Shaun of the Dead (2004)

Cynthia Fuchs

Casting Bill Nighy as a zombie -- or more accurately, a zombie to be -- may not be precisely innovative, but it's clever and wholly enjoyable.

Shaun of the Dead

Director: Edgar Wright
Cast: Simon Pegg, Kate Ashfield, Nick Frost, Bill Nighy
MPAA rating: R
Studio: Universal
First date: 2004
US Release Date: 2004-09-24 (Limited release)

Casting Bill Nighy as a zombie -- or more accurately, a zombie to be -- may not be precisely innovative (Nighy's cadaverous charm making him the latest ideal zombie-vampire-aging rocker), but it's clever and wholly enjoyable. And this would be the singular charm of Shaun of the Dead: it's transparently derivative, calculatedly delirious, and often, quite fun.

Anointed by no less a personage than Peter Jackson (who knows a little something about zombies) as the "most entertaining movie I've seen this year," Shaun borrows from obvious sources (Dawn of the Dead, From Dusk Till Dawn) as well as less obvious (Seinfeld). Billed as a zom-rom-com (zombie romantic comedy), the movie is appropriately raucous and disrespectful, rather exulting in the ripping of flesh and staggering of undead.

The romantic lead is 29-year-old appliance store manager Shaun (co-writer Simon Pegg), introduced as he sticks his foot in it one more time, sitting in Winchester Tavern, fretting over the loss of his girlfriend Liz (Kate Ashfield). Tired of his lack of ambition and predilection for the pub, she gives him one last chance to "change." He promises to make a commitment, specifically, to make a reservation for their anniversary dinner, and also to stop spending so much time at the pub. That said, he promptly heads home -- where he lives with his friend since childhood, Ed (Nick Frost) -- and forgets to make the reservation.

A man of consummate inaction (his slightly younger, gum-smacking employees disrespect him outright, claiming that they don't want to end up like this "granddad"), Shaun can't possible be prepared for the coming crisis: zombies overrun London. Flipping through telly channels in their discombobulated living room, he and Ed don't even pause for news reports or the sorts of media alerts that have alarmed survivors in Night of the Living Dead and every zombie movie that's followed. No, the boys are content to chow down on junk food and drink colas, watch music videos, enjoy another round of Ed's fart gag, and wait for the zombies to invade their backyard. Which they do, though not exactly with a vengeance. Everyone here, whether living or undead or somewhere in between, takes things pretty much as they come, with appropriate panic and welcome frequent wit.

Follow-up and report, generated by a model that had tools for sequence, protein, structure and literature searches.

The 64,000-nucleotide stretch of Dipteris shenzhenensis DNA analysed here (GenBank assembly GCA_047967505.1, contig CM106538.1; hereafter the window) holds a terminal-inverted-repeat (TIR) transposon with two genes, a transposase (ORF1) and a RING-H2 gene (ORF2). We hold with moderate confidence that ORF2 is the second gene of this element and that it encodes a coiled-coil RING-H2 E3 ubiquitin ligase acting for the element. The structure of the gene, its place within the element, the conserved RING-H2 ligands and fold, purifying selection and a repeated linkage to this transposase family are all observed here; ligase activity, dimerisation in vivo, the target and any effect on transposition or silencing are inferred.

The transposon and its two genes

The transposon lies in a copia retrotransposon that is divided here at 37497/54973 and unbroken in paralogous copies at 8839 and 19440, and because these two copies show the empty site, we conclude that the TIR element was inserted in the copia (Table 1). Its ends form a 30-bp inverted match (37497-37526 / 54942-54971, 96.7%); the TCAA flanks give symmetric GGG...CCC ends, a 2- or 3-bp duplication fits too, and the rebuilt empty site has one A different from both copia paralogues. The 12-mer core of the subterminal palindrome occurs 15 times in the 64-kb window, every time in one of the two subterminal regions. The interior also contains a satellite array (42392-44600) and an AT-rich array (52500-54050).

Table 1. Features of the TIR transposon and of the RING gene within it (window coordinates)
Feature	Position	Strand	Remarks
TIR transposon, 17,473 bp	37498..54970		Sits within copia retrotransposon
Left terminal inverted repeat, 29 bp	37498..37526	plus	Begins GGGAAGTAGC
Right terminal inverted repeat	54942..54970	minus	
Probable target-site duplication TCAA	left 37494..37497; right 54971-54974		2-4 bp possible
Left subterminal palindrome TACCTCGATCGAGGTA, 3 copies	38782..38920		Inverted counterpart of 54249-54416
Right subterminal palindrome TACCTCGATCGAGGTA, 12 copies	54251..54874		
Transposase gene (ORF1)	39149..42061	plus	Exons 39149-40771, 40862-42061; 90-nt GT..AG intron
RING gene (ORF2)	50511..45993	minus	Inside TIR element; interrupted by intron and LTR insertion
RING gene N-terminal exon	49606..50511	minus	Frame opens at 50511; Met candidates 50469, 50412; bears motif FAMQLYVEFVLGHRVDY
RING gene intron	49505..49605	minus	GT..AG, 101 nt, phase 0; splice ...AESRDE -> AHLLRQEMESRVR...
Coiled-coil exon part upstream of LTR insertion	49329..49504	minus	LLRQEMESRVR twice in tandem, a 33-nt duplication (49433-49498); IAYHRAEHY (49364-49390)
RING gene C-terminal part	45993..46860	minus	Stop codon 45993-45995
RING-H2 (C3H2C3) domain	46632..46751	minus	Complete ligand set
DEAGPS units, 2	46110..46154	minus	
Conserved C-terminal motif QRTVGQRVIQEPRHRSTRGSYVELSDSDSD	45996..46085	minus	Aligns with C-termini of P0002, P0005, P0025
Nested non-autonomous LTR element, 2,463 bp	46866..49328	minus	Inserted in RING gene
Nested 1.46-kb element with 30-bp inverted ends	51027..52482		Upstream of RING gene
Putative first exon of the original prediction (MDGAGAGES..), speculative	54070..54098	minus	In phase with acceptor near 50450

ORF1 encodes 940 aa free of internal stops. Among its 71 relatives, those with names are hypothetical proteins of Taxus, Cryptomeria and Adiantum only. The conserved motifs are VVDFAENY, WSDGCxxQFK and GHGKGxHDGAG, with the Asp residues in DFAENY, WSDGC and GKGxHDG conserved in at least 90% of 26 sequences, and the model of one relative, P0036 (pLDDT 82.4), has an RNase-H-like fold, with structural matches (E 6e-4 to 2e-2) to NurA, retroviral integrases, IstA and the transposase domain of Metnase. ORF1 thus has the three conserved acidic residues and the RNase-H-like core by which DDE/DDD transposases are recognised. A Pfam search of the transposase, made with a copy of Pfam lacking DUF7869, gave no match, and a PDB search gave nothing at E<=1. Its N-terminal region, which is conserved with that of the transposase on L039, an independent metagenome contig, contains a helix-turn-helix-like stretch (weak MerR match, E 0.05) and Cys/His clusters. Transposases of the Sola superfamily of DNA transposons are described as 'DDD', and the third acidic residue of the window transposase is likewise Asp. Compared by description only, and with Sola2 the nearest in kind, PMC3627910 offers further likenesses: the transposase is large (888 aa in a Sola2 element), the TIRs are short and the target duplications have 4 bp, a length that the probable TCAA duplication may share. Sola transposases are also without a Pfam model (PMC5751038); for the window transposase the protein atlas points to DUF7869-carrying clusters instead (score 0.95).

So, when a zombie girl appears in their backyard, Shaun and Ed assume a plausible explanation for her staggering gait and red eyes: "She's so drunk!" They laugh and poke at her childishly, until zombie-girl rises up and tries to take a chunk out of Shaun's neck. Whoa. Scouting for useful weaponry (as zombie-girl is soon joined by others, as they flock to the smell of blood, or the sound of groaning, or something), Ed and Shaun discover an old crate of collected LPs, which they begin tossing like frisbees, though only after each has cleared the choice with the other. They beat back the creatures, then ponder their dire situation. Shaun makes a decision. They'll pick up his mum and her new husband, and Liz, and they'll head to the safest, most bunker-like place they know: the tavern.

The rest of the film follows the usual zombies versus survivors storyline, meaning that a diverse crew assembles to fight off the monsters, including Shaun and Liz's friends Dianne (Lucy Davis) and David (Dylan Moran), his mother Barbara (Penelope Wilton), and her already-bitten hubby Philip (Nighy). Though Barbara insists repeatedly, "I don't want to cause a fuss," hoping to keep the crisis at bay by ignoring it, Shaun's sudden take-chargeness grants him the surprising strength to take very difficult decisions, as to who must be killed and whom might actually support the survival project. (This might be the film's most complicated aspect, its use of dicey mother-son relations to underline just how hard it is for a young lad to declare his independence.)

While the romantic comedy elements tend to be dull, the rambunctious bits in Shaun of the Dead are quite effective. From the shocked delight the humans take in decimating assorted zombies, and the stunty gags about body vulnerabilities and emotional meltdowns, to the many pop cultural in-jokes (based in part on Pegg, Frost, and director Edgar Wright's previous gig, on the 1999 Channel Four series, Spaced), as well as the film's conception as what Wright calls the "Rosencrantz and Guildenstern Are Dead" relationship to more familiar, more somber zombie texts, the film challenges but also reveres its sources. The "bit players" here are neither heroic nor especially resourceful, though they must be. And so they keep on, to their inevitable slam-bangy finale, committed and self-knowing at last.





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